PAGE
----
Mr. Vaye is currently a doctoral student in the Ph.D. in Engineering and Computing Education Program at the School of Universal Computing, Construction, and Engineering Education, Florida International University. His ultimate ambition is to use the knowledge acquired from his studies to conduct cutting-edge research and develop and promote engineering innovations to benefit the global community. Mr. Vaye is passionate about aiding the transformation and substantiality of Engineering Education in developing countries.

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Viyon Dansu University of Nebraska - Lincoln Orcid 16x16 orcid.org/0000-0002-8543-9930

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I had my Bs and Ms in Systems Engineering at the University of Lagos Nigeria. I co-founded STEM-Ed Africa, a social enterprise involved in developing student's problem solving abilities in STEM.I am currently an engineering education graduate research assistant at the University of Nebraska-Lincoln.

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Jennifer DeBoer Purdue University, West Lafayette

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Jennifer DeBoer is currently Assistant Professor of Engineering Education at Purdue University. Her research focuses on international education systems, individual and social development, technology use and STEM learning, and educational environments for diverse learners.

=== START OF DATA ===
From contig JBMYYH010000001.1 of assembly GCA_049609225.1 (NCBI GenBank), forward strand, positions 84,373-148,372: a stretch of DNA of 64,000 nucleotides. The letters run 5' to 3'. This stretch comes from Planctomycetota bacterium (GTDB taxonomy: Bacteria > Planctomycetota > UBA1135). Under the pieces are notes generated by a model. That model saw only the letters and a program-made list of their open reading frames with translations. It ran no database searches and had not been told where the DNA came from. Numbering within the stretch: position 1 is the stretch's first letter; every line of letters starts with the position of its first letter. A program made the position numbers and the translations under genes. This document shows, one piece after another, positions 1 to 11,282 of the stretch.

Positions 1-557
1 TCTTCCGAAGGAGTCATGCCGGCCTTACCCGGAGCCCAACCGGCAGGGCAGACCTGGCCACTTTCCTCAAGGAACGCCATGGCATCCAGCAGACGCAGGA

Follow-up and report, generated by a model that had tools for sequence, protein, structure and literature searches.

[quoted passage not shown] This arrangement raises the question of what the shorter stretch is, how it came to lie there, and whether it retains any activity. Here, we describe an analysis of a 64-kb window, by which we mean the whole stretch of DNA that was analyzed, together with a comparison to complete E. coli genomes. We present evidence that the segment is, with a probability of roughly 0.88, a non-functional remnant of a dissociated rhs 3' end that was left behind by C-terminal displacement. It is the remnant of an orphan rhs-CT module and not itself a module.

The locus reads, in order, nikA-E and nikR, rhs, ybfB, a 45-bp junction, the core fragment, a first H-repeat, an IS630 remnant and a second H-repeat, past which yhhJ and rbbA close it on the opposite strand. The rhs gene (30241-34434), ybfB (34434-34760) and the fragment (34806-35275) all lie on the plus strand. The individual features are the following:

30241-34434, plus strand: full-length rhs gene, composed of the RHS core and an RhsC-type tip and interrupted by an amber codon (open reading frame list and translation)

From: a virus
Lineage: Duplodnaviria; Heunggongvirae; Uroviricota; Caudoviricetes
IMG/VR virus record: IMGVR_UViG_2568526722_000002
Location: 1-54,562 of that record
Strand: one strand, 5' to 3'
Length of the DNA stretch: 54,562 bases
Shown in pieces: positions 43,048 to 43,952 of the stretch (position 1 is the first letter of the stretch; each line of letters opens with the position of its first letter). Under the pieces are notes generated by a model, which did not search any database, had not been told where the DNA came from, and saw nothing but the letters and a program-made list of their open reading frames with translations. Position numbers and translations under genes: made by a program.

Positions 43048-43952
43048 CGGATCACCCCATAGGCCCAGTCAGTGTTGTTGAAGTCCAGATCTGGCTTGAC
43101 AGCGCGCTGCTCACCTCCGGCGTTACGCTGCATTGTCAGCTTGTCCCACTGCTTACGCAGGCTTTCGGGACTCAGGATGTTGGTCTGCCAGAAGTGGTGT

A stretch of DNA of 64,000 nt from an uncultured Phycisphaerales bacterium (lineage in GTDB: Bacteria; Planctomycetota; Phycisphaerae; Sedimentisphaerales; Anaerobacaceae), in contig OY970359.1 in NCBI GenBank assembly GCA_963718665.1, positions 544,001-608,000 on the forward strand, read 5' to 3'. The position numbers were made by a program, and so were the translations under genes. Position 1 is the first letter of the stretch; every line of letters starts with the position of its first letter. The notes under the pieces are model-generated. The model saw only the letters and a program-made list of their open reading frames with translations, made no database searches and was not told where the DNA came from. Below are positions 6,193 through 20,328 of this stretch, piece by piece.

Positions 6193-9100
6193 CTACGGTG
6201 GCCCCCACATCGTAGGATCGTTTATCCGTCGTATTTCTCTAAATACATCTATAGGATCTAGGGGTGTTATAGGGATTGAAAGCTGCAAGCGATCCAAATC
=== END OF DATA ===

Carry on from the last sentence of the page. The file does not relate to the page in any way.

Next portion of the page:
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Abstract

Studies funded by the World Bank suggest that developing the teaching capacities of educators in sub-Saharan Africa is one of the most effective ways of improving the state of education, and indirectly, the quality of life of Sub-Saharan African citizens. Consequently, effective teacher development requires an intimate knowledge of the current state of teacher development in the subcontinent. This study was motivated by a recognition of that need. Thus, we conducted a systematized literature review synthesizing existing literature on the professional development of secondary-school science, technology, engineering, and mathematics (STEM) educators in Sub-Saharan Africa.